Wild rumors also circulated about a Soviet threat toward Yugoslavia at the same time.43 Josip Broz Tito’s Yugoslavia had also officially condemned the Warsaw Pact action against Czechoslovakia and allowed thousands of Czechoslovak vacationers on the Adriatic beaches to stay, some of them free of charge. Soviet counter-propaganda produced “a full-blown war scare” in Yugoslavia. Tito ordered some defensive measures, but did not alarm the world with a general mobilization. Rusk asked the Yugoslav ambassador to keep him informed about Soviet maneuvers and castigated Soviet “black propaganda.” He expressed regrets over the damage done to détente and bridge-building in Eastern Europe by the Warsaw Pact intervention. Rusk assured Ambassador Crnobrnja that unlike Hungary 1956, the CIA had not unleashed any covert military infiltration in Czechoslovakia. Clearly, unlike President Eisenhower’s overheated rhetoric of “rolling back” communism, the Johnson administration practiced a traditional containment policy and respected the Soviet sphere of influence.44
    The Austrian political class suffered from a bad case of jitters, too.45 From Vienna, Austrian minister of defense Georg Prader spread the rumor that Warsaw Pact troops on the Austrian border enabled it to unleash military action against Romania, Yugoslavia, and Austria. Prader expected an invasion of Romania in the week of 2 to 8 September. Unless the West protested such a likely intervention vigorously, an attack on Yugoslavia and an ultimatum against Austria could be next. U.S. ambassador to Austria Douglas MacArthur III felt that Prader’s alarmist defense ministry experts argued from a “visceral feeling,” while Socialist critics like opposition leader Bruno Kreisky saw such Soviet actions as “remote.” The Austrian government was angling for discrete U.S. and NATO guarantees to protect Austria’s vulnerable neutrality.46 President Johnson did warn members of Congress that after cleaning up in Romania and Yugoslavia, Austria could be next: “The next target might be Austria.”47 The State Department did not want to take any chances and initiated contingency planning for Austria as well.48 The Austrian government also had to contend with Soviet black propaganda about harboring U.S. “green berets” in eastern Austria preparing for covert military action into Czechoslovakia.49


    President Charles de Gaulle unleashed a wave of attacks against the Johnson administration that the United States colluded with the Soviet Union not to intervene in case of Soviet invasion of Czechoslovakia.50 Like the Johnson administration, De Gaulle’s government published a communiqué, too, on 21 August. The French statement related the Czech events back to the great spheres of influence agreement at the Yalta Conference in February 1945: “The armed intervention of the Soviet Union in Czechoslovakia is evidence of the fact that the Moscow Government has not abandoned the policy of power blocs imposed upon Europe by the effect of the Yalta Agreements. That policy is incompatible with the right of peoples to self-determination.” De Gaulle was quick to point out that France did not take part in the Yalta Agreements and regretted that the invasion impeded East-West détente. The French insisted that Eastern Europe belonged to the Soviet sphere of influence, but blamed Yalta and Anglo-American complicity for those spheres.51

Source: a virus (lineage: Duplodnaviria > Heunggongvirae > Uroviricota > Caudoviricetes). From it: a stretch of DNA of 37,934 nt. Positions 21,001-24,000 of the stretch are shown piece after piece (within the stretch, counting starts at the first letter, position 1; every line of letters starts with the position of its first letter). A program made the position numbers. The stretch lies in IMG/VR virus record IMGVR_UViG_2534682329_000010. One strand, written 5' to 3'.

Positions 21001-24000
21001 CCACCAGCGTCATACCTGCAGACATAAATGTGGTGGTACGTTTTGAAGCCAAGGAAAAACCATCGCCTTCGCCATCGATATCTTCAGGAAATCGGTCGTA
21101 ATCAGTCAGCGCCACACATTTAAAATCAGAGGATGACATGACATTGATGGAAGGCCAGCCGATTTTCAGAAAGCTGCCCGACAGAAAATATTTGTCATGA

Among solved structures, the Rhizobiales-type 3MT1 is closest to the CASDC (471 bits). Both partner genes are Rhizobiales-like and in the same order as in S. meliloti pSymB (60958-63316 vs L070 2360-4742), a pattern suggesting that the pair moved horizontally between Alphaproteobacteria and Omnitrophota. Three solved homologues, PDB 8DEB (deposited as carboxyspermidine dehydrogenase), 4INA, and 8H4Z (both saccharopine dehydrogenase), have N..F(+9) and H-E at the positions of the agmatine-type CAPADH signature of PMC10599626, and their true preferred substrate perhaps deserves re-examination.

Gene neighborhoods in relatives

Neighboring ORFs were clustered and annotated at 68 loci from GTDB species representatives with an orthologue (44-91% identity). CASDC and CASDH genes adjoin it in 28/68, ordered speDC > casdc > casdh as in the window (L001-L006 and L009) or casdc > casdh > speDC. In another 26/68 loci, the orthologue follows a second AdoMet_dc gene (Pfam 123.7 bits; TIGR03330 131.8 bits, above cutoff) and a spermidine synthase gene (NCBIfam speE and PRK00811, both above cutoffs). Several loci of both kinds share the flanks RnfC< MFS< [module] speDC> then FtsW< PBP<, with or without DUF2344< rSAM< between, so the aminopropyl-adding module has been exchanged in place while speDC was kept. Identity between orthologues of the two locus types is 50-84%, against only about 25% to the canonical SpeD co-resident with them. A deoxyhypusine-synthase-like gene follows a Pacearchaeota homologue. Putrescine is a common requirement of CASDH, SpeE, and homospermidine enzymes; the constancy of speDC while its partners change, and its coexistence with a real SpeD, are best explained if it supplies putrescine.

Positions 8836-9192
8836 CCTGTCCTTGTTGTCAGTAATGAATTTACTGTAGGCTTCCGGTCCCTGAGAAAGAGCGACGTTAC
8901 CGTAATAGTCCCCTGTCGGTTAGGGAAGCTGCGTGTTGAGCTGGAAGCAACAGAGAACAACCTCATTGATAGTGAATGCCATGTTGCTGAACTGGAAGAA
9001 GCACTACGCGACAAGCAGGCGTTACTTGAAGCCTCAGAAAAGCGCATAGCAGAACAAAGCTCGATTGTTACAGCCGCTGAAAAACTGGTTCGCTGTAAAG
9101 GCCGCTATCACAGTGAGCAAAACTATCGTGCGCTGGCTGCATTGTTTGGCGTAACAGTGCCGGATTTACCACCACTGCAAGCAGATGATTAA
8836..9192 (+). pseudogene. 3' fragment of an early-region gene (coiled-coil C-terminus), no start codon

Dean Rusk and the State Department were quick to reject such notions of prior U.S.-Soviet agreements as preposterous, “malicious and totally without foundation”:
    The U.S. government has never entered into any “sphere of influence” agreements or understandings with anyone anywhere in the world. There has been no discussion of any such idea in connection with recent developments in Czechoslovakia nor has any government attempted to elicit from the U.S. government any such understanding.
    Rusk reminded U.S. missions around the world that Yalta dealt with zones of occupation in Germany and Austria, but not with spheres of influence in Eastern Europe. In a poignant history lesson for the French president, Rusk noted that at Yalta, in fact, France was granted a zone of occupation and postwar representation on the Allied Control Council in postwar Germany. As a final clincher, Rusk wanted to remind the world that the “Declaration of Librated Europe” tried to secure free elections in the countries liberated by the Red Army in Eastern Europe—exactly “the opposite of [a] spheres of influence” agreement.52 Rusk also resented being constantly needled by the French with the analogy of the U.S. invasion of the Dominican Republic in 1965 and the Soviet invasion of Czechoslovakia and strongly reprimanded French ambassador Lucet over such an unfriendly equivalency.53